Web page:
Brookfield Renewable Energy Partners is well positioned in the energy industry, owning clean power generating assets that will have value for decades to come. And its slow and steady approach to growth should help drive shareholder value. A dividend yield of 6.4% today doesn't hurt, either, for investors starting to build their nest egg.

A dividend champion in transition

Reuben Gregg Brewer (The Procter & Gamble Company): Procter & Gamble's roughly 3.5% dividend yield is at the high end of the company's historical range. That's an opportunity for income focused investors to pick up an industry-leading consumer products company while it appears to be on sale.

PG Dividend Yield (TTM) Chart

PG dividend yield data by YCharts. TTM = trailing 12 months.

The problem is that Procter & Gamble is on sale for a reason. Consumer buying habits are changing, with increasing demand for "natural" products. Upstarts are using the internet to quickly take on larger rivals, a notable headwind in the company's Gillette razor business. Both of these factors have led to sluggish sales growth. And now, rising costs are pressuring profit margins, since the company, like most of its peers, has had difficulty passing on higher costs to customers.

But Procter & Gamble isn't sitting still. It has been busy adjusting its portfolio, slimming down to focus on its best brands. It's introducing new products to better meet customer demands, like cotton-based diapers. And it has been more aggressive in taking on upstart competitors, including reducing prices in the razor segment. Inflation, meanwhile, ebbs and flows over time, and costs will eventually get passed through to customers in some fashion. But this is all par for the course.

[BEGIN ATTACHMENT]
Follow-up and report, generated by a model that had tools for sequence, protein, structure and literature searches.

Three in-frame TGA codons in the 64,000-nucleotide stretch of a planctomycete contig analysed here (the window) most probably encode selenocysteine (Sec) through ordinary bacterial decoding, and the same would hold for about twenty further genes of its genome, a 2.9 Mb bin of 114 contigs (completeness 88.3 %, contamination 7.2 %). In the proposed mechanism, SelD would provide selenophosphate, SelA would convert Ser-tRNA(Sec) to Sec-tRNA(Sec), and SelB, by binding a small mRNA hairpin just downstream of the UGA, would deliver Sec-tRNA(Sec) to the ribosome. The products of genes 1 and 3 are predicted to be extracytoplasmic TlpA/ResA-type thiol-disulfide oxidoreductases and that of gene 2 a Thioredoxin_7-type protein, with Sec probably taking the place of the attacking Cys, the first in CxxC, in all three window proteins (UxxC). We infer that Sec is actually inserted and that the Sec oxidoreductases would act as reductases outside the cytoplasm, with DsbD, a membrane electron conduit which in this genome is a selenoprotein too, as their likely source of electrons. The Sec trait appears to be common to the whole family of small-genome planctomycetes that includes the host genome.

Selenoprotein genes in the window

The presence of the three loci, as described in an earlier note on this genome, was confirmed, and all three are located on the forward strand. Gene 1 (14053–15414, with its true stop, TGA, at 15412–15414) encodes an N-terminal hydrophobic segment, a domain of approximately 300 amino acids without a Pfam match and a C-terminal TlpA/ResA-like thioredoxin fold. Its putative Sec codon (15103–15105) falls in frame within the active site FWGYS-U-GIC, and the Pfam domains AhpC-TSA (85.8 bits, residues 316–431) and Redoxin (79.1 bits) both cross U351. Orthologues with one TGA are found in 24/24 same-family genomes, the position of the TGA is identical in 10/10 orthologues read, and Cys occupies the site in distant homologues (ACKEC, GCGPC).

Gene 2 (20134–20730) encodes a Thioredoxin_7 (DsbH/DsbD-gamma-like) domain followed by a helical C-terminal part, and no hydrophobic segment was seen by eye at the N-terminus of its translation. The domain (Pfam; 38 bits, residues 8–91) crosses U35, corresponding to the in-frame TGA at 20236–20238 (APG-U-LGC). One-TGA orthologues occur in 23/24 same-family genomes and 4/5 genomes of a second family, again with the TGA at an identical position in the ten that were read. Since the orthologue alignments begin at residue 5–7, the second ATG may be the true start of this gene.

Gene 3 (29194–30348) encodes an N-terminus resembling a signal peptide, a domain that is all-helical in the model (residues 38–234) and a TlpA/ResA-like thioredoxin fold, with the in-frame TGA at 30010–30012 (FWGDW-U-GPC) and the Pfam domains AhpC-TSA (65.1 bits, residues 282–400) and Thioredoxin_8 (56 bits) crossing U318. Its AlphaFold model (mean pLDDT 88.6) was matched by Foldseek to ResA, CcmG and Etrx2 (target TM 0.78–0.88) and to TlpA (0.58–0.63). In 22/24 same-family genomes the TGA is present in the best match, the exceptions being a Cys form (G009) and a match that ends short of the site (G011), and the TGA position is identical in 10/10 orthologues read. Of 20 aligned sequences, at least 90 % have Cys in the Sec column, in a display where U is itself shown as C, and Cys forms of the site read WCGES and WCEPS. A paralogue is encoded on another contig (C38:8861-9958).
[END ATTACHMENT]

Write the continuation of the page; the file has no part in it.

Procter & Gamble is more than 100 years old. It has increased its dividend annually for an incredible 62 consecutive years. Trust me: Today's headwinds rhyme with ones it has successfully navigated in the past. Moreover, with long-term debt at about 30% of the capital structure, it's working off of a strong financial foundation. Procter & Gamble is a solid option for long-term dividend investors looking to build a nest egg (while those focused on the short term fret).   

Time for some homework 

If you are looking for dividend stocks, Microsoft, Brookfield Renewable Partners, and Procter & Gamble are names you need to consider. Microsoft and P&G are old-school giants that are working to shift with the times. Microsoft has been having a better go of it with its cloud investments. Its yield is relatively modest, but that's simply a recognition of the still-robust growth opportunities ahead.

P&G is struggling a little today as it works to better serve its customers, but that could be a high-yield buying opportunity for patient investors willing to give management some time to switch gears.

Brookfield Renewable Partners, meanwhile, is a relatively young partnership using an interesting self-funding approach to grow its business and dividend in the increasingly important renewable power space. A robust yield and business plan should reward those seeking steady dividend growth. If you take some time to get to know these three stocks a little better, I'm confident that one (or more) could end up in your portfolio.

Teresa Kersten is an employee of LinkedIn and is a member of The Motley Fool's board of directors. LinkedIn is owned by Microsoft. Chris Neiger has no position in any of the stocks mentioned. Reuben Gregg Brewer owns shares of Procter & Gamble. Travis Hoium owns shares of Procter & Gamble. The Motley Fool has no position in any of the stocks mentioned. The Motley Fool has a disclosure policy.